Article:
With a global economic slowdown over 3 months driven by the COVID-19, many of us have lost our jobs, or have had our salaries reduced or been asked to take our annual leave, paid followed by an extended unpaid leave if we need to keep our jobs. Employers are evaluating their finances as you read this post and in most cases, the figures will be found to be concerning. They would be required to take immediate actions in the company needs to survive and unfortunately, it is the employees who be the unwanted targets.
1. How Urgent is the Need?
If you are not an active job hunter and you are currently employed, you may want to consider putting your job search on hold for a while. Consider exploring new training areas to horn new skills or dive deeper into the knowledge of your expertise rather than stick to what you’re your employer wants you to do. Increase your job security and make your position stronger.
If you are not employed, do not think of your next job as the perfect job. It might be short-term before you move to a new role, given the circumstances. You may need to take up a new job just to pay your bills.
While most industries and companies have been hit hard, there are quite a few jobs and industries that are doing well. Yes, you heard it right. You may want to read more about some of these jobs.
2. Get Comfortable Networking Online
Join online platforms and professional groups to share experiences, articles, support others, publish content in your areas of specialization. It goes a long way to get more “your name brand” presence and will also help you when future employers can read some of your publications and supportive work. You may also want to do online video training on YouTube, Vimeo, etc.
Network with like-minded professionals and experts and learn from them. It only helps in the long run.
3. Stay In Touch
Working remotely may have kept you away from staying in touch with hiring managers, influencers, and decision-makers. This could even be your own hiring manager. Call them, see what is going on on the recruitment front with your current or previous employer or past recruiters and recruitment managers that you may have met or interviewed. You may even want to check on any feedback that they have for you to help you get a job.
Make sure you also demonstrate a thoughtful attitude. Rather than asking them to help you, ask if there is anything you can assist them with.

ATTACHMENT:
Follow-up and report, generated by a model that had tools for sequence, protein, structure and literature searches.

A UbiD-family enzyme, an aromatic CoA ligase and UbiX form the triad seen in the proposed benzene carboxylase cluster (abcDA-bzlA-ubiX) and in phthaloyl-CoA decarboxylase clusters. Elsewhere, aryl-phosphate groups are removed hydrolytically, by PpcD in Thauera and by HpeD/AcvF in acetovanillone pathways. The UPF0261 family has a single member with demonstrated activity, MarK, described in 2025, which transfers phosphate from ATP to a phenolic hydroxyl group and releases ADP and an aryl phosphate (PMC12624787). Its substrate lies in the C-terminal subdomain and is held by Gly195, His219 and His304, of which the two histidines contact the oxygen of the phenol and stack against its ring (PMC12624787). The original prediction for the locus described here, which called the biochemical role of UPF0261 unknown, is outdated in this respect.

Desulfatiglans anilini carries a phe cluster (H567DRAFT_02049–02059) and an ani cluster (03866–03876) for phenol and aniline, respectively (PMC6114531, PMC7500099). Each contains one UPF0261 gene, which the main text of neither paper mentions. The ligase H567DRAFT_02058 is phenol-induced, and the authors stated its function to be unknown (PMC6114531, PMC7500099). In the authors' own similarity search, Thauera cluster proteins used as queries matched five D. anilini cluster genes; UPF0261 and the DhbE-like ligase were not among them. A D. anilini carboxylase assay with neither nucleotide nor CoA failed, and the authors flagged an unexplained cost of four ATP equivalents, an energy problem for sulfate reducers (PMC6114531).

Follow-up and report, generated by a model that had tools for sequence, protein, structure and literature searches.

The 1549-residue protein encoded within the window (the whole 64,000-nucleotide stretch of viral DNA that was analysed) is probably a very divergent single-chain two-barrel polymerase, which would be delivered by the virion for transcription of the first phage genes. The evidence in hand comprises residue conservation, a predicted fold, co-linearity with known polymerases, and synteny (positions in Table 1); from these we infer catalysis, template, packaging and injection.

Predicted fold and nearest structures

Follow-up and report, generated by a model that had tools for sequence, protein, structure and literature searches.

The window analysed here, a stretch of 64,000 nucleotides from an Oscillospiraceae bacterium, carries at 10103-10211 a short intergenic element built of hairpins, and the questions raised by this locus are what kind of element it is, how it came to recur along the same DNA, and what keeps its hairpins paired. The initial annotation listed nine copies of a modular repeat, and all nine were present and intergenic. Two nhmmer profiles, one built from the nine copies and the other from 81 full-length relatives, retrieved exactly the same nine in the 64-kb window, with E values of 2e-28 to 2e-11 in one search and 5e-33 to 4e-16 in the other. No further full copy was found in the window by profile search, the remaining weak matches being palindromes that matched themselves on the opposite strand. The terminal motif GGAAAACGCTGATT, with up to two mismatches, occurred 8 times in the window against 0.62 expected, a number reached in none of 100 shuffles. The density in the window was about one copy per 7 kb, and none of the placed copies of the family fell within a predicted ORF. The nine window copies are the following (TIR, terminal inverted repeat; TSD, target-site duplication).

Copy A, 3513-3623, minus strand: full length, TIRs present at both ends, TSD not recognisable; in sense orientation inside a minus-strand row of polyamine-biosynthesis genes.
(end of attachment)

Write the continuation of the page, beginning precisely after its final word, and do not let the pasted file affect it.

4. Gather Intelligence Reports
Seeing how a company treats its employees during a crisis will help you understand the company and the decision-makers. Do they offer extended work from the home facilities and the infrastructure to support their employees? did they extend working hours till late at night? was there more communication from the HR and managers to find out how their employees and family were doing? did they treat their employees with care? or were there phone messages and emails telling their employees that their services have been terminated?
Set up google alerts on the latest news about companies. How you treat people tells a lot about a person or a company.
5. Use the Time to Reflect
Don’t just jump at the first job opportunity you get. You don’t want to land in the fire. Reflect on what options you have? what you really want? what does your family need? are there any changes to your career path? are you enjoying your job and doing it for the sake of the salary? Businesses have slowed down along with economies, so do you. Take a deep breath and rethink your goals.
6. Boost Your Skills
There are plenty of free training courses that you can do – I have taken up digital marketing. From SEO basic to advance to content to link building – I am much better than I was 3 months ago. The world has digitally advanced. You can find everything you need and use it to build your skills and knowledge, not only for your career but also for your family.
You can lay the groundwork now so that when the crisis is over you have opened doors and rekindled relationships.